The benefits of breastfeeding range from improved IQ to fewer behavior problems to reduced asthma risk. A new study has found another possible benefit of breastfeeding in the physical structure of our DNA.
What is DNA?
DNA stands for deoxyribonucleic acid. It is mostly stored in the nucleus of our cells.1)https://ghr.nlm.nih.gov/primer/basics/dna
DNA has been called the “blueprint” of life. There is a common misbelief that DNA is entirely hereditary; however, through epigenetics the old debate of nature versus nurture becomes relevant.
Live Science explains:
Epigenetic changes are biological markers on DNA that modify gene expression without altering the underlying sequence. Researchers have found that environmental factors — such as trauma, stress and even diet — can activate epigenetic changes.
Although genes are mostly hardwired at the moment an egg is fertilized by a sperm, epigenetics suggests that DNA may be more susceptible to change than was previously thought.
Even your grandparents’ environment has altered your hereditary genes leaving “scars”.2)http://www.livescience.com/37135-dna-epigenetics-disease-research.html
Breastfeeding and DNA
New research has found another possible benefit of breastfeeding: creating longer telomeres on our chromosomes. According to the New York Times:
The new study, published in The American Journal of Clinical Nutrition, is a hopeful one, its authors say, because it suggests telomere length in early life may be malleable. The researchers, who have been following a group of children since birth, measured the telomeres of 4- and 5-year-olds, and discovered that children who consumed only breast milk for the first four to six weeks of life had significantly longer telomeres than those who were given formula, juices, teas or sugar water.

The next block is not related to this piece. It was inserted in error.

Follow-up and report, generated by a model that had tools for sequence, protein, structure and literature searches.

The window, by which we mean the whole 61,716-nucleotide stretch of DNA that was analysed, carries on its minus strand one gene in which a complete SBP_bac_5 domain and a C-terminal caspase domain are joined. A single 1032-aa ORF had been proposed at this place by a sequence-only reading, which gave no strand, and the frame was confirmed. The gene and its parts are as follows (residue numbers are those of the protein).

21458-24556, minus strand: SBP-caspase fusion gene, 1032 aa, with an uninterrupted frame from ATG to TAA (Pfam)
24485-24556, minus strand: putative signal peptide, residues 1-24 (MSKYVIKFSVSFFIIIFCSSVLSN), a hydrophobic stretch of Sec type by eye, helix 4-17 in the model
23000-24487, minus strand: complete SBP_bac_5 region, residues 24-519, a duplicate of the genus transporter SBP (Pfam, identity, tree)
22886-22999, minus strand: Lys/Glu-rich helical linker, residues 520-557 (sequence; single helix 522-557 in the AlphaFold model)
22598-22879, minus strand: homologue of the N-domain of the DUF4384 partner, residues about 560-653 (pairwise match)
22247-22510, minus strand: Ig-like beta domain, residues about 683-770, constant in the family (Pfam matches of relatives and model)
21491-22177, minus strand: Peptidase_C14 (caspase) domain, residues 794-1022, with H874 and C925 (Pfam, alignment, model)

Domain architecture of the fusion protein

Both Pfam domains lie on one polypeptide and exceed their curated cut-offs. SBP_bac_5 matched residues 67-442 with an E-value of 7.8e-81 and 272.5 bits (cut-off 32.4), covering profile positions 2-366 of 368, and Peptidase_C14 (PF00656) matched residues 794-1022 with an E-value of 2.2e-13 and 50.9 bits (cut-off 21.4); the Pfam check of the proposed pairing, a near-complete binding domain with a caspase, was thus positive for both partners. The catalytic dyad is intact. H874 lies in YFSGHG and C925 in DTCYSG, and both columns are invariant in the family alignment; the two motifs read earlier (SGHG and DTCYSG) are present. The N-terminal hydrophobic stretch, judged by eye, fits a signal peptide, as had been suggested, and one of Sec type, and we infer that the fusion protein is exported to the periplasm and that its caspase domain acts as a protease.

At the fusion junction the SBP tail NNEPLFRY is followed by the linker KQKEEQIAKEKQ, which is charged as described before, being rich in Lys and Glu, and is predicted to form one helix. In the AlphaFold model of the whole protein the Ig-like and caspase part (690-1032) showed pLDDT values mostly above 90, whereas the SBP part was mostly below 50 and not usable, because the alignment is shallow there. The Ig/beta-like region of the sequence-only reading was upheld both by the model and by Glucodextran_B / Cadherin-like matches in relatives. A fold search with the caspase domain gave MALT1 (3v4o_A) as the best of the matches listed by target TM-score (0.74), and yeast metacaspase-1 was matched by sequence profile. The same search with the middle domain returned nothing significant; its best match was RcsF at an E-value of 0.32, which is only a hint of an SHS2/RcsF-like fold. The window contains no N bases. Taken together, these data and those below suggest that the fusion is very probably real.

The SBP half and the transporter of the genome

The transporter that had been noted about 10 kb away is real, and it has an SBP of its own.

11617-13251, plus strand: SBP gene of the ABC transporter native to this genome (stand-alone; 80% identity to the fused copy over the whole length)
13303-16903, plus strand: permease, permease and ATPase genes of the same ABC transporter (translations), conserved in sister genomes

What is a telomere?
The University of Texas explains:
A telomere is a repeating DNA sequence (for example, TTAGGG) at the end of the body’s chromosomes. The telomere can reach a length of 15,000 base pairs. Telomeres function by preventing chromosomes from losing base pair sequences at their ends. They also stop chromosomes from fusing to each other. However, each time a cell divides, some of the telomere is lost (usually 25-200 base pairs per division). When the telomere becomes too short, the chromosome reaches a “critical length” and can no longer replicate. This means that a cell becomes “old” and dies by a process called apoptosis. 3)http://www.utsouthwestern.edu/labs/shay-wright/research/facts-about-telomeres-telomerase.html
Telomeres are the protective caps at the end of our chromosomes. They have been compared to the little plastic end caps on shoelaces in their role of protection. 4)https://med.stanford.edu/news/all-news/2015/01/telomere-extension-turns-back-aging-clock-in-cultured-cells.html
The shortening or loss of a telomere has a drastic effect on our health and longevity.
Shorter telomeres have been linked to disease and “poor survival”. They play a vital role in gene health. Telomeres are the “biological clocks” in our bodies. 5)http://www.ncbi.nlm.nih.gov/pmc/articles/PMC3370421/
Diet plays an important role in telomere health. It seems logical that breastmilk could be positively associated with telomere length.